Deep-dive into Friedrich-Inhauser-Strasse, our demo neighbourhood in Salzburg.

With the refurbishment and extension of the residential complex on Friedrich-Inhauser-Strasse, Heimat Österreich has created a lighthouse project that combines climate and environmental protection and affordable living.

This innovative construction project is completely extraordinary and has already won numerous awards. The official handover was celebrated on May 20th 2022, with the participation of the inhabitants and top-class guests from politics, research and business. In addition to the state councilors Andrea Klambauer and Josef Schwaiger, the managing director of the climate and energy fund Theresia Vogel, Section Head Henriette Spyra, Head of Section III “Innovation and Technology” in the Ministry of Climate Protection (BMK) on behalf of Climate Protection Minister Leonore Gewessler also participated.

What makes the “Friedrich-Inhauser-Strasse” project in the Salzburg district of Aigen so special? The housing estate was built in the mid-1980s and was in urgent need of renovation. In terms of sustainability and climate and environmental protection, Heimat Österreich (HÖ) has dared to take the visionary step of developing a renovation concept with experts and planners, with which not only the Paris climate goals of 2030 can be met, but which also takes into account the social needs of the residents – and all this within the tight budget of subsidized housing.

The existing buildings of the settlement were renovated and revitalized. In addition, the former 75 apartments have now become 99 residential units through an increase in floors. The residents had to move for the time of the construction work. A project that required many discussions to develop joint solutions. With the help of other non-profit building associations and the housing service of the city of Salzburg, replacement apartments were found, the moves were organized, and costs were calculated and covered. The personal care of the residents was particularly important. A specially assigned employee of “Heimat Österreich” and the renowned sociologist Rosemarie Fuchshofer always had an open ear for all questions and uncertainties of the residents. Contact with the tenants was maintained throughout the construction work and around a third of the former residents returned to their apartments after the conversion was completed.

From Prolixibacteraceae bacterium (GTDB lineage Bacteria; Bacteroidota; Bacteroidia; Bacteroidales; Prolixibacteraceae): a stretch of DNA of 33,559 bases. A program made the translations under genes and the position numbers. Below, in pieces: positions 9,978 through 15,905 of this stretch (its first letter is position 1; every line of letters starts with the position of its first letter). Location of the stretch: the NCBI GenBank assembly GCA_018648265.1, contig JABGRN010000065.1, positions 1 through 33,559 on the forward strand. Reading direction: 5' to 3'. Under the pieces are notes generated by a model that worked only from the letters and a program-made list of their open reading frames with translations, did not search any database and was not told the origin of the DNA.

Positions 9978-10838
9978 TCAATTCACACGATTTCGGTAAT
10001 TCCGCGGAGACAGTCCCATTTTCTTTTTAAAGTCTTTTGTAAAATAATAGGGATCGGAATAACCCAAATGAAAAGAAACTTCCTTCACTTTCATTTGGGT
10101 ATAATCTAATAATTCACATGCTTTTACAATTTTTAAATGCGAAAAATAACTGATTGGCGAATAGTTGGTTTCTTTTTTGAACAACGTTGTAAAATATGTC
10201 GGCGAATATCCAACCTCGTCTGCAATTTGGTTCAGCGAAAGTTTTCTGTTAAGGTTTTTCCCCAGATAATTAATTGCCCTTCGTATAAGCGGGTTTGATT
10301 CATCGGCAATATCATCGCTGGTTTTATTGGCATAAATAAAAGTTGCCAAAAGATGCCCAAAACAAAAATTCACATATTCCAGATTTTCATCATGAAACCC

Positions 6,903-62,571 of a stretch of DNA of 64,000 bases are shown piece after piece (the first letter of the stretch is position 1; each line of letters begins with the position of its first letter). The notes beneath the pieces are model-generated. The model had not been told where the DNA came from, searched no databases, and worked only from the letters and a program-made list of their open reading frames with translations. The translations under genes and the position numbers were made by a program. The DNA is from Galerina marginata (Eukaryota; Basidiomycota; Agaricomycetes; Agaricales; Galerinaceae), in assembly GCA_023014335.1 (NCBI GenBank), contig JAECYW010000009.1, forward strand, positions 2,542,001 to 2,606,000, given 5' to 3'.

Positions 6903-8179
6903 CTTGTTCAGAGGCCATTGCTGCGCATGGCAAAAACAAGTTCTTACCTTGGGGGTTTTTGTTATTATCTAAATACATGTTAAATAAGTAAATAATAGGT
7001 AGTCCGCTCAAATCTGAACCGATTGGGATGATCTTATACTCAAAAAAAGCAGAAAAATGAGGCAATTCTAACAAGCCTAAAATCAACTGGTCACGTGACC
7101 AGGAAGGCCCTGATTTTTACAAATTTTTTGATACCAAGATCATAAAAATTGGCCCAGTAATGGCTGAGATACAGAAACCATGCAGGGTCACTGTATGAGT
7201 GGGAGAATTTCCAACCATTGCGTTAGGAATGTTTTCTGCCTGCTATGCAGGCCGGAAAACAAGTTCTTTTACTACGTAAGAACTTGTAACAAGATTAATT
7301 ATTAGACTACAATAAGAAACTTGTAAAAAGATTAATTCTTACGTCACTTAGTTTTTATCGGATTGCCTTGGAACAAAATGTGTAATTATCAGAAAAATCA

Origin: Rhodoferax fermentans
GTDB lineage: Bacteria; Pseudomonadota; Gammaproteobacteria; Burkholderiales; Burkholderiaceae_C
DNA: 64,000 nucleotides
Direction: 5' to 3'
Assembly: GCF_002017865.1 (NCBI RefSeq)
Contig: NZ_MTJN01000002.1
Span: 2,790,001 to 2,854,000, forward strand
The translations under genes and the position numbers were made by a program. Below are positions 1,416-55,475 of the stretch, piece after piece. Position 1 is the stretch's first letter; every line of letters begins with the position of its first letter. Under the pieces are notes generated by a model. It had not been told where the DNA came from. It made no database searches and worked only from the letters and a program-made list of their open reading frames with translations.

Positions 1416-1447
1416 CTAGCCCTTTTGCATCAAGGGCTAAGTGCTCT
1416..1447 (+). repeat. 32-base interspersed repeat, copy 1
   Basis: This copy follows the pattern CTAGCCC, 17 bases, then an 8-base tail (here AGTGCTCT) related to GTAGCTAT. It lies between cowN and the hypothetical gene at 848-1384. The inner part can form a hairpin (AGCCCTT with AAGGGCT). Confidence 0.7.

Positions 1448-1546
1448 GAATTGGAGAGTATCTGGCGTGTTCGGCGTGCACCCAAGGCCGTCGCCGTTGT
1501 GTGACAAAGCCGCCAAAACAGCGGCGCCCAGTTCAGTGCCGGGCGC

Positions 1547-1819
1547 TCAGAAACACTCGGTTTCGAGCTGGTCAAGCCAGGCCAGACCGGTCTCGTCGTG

Thanks to the accompanying research by the Salzburg University of Applied Sciences and the SIR Salzburg Institute for Regional Planning and Housing (financed by the Climate and Energy Fund as part of its “Smart Cities Initiative”) a comprehensive renovation concept for the project could be developed. The primary goal was to reduce the CO₂ emissions of the housing complex to a minimum.Instead of gas, all 99 apartments are now 100% supplied with heat from the sun, wind and water. The building’s energy consumption has been drastically reduced by a new type of facade insulation system made of cellulose. Renewable raw materials were predominantly used for the increase. Photovoltaics, heat recovery from waste water and room air as well as buffer storage are used. “The energy concept of the building is absolutely forward-looking and is second to none,” says HÖ Managing Director Ing. Stephan Gröger and adds: “Heat recovery from waste water is a completely new approach in multi-storey residential buildings. Previously, the hot water flowed unused into the sewer, now it supplies the entire building with energy.”